To the Editors of The Crimson:
I was very interested in the Crimson article (Jan. 8) on the new Pentacostal association founded last year by a small group of Harvard Black students--the Seymour Society. Christian activity has always been central to the life of Afro-Americans and has offered Blacks one of their most viable connections with American society and culture, as well as providing Blacks their first experience with managing soverign institutions. But Christian activity has also offered Blacks and whites one of the few viable means for bridging the differences that have divided them in our racist civilization. From the early endeavors to educate Afro-American slaves, through the Abolitionist Movement, and the 20th century Civil Rights Movement, Christian beliefs and organizations have often been the cutting-edge against white supremacist negation of Afro-Americans.
It is unfortunate, I feel, that the new Seymour Society leaders display no awareness of this important cross-ethnic or cross-racial function that has been a crucial part of Afro-American Christianity. It is, I think, a feature of the Afro-American Christian tradition that the new Seymour Soceity, if it really wants to do something innovative, might consider rehabilitating.
Being an old-fashioned integrationist and an optimist about the capacity of the current generation of young Americans to rid American life of its hoary racist ways, I would suggest to the Seymour Society that they give some thought to this endeavor. Instead of pursuing the route of other all-Black organizations existing at Harvard--and we have too many already--intensifying the already excessive isolation of white and Black student experiences here, why not strike out a new course for once?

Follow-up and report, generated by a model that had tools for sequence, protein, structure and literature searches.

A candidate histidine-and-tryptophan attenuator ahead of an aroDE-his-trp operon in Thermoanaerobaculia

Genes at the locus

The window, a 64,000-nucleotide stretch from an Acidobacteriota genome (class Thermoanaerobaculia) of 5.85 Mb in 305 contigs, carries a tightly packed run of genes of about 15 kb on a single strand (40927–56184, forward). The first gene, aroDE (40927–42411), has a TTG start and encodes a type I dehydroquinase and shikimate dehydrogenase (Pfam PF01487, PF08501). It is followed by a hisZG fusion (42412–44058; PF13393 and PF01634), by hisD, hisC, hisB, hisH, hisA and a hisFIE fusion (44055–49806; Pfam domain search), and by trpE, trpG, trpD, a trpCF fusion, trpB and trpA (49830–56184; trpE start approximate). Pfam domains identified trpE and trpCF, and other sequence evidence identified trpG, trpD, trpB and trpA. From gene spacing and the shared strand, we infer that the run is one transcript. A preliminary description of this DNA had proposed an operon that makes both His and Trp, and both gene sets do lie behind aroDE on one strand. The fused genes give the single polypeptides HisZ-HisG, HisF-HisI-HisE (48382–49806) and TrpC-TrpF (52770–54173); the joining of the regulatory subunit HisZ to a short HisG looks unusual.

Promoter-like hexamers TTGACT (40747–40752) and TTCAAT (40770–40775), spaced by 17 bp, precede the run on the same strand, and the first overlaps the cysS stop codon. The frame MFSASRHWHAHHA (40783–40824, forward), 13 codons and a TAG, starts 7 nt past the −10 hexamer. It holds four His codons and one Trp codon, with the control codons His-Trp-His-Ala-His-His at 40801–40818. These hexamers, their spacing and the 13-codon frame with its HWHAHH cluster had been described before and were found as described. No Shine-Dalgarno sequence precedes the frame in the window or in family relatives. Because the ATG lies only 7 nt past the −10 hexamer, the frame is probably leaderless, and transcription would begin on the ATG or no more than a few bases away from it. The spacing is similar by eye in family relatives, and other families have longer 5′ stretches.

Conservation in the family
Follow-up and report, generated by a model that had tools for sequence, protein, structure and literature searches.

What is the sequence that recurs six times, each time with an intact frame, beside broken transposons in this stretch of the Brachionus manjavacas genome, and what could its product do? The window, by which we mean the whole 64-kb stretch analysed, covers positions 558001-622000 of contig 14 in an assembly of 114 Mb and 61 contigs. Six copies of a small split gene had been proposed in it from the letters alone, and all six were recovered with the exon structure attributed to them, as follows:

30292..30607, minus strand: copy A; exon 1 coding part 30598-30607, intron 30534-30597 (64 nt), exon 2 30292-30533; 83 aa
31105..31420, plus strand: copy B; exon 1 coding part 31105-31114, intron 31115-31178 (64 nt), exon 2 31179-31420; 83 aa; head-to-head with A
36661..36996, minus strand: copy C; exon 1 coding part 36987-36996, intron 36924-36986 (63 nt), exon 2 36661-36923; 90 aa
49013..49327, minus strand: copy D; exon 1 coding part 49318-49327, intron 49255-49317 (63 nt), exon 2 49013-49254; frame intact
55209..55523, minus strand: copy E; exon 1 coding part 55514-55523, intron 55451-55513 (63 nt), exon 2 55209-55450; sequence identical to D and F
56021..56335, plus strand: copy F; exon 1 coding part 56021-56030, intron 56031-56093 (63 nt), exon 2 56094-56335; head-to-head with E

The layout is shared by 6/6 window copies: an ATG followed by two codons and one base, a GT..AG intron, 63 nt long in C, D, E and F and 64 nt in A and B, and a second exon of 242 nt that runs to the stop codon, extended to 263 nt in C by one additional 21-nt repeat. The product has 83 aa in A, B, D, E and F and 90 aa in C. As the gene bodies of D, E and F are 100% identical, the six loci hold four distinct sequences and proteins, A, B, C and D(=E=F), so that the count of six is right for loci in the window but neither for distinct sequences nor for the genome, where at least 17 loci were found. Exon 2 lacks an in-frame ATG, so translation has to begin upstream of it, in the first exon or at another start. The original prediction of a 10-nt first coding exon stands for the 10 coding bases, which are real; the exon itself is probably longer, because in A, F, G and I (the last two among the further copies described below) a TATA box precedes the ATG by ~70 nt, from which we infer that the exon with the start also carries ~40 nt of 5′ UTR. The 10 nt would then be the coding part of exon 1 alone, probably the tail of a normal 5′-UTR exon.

There are, I am told, other fundamentalist or back-to-basic religious groups around Harvard--among white Protestants and white charismatic Catholics, and perhaps among some white Muslims and Jews. It would be a bold undertaking to use the Seymour Society as the cutting-edge of a back-to-basic renascence among religiously inclined Harvard students, cutting across the racist, sexist, and ethnocentric boundaries that have for so long distorted the civilizing force of religious values in American life.
This, I submit, is both an intellectually intriguing and humanistically engaging task for the new Seymour Society to set for itself. It would give Black students the opportunity to innovate a way out of the awful malaise that has surrounded Black-white interactions at Harvard for a decade--a malaise that has exacted a terribly intellectual toll among some of our Black students. It would, in turn, offer white students a framework to testify in behalf of a more cosmopolitan interchange among Harvard students, defying the racist and ethnocentric boundaries bequeathed them by earlier generations. Martin Kilson Professor of Government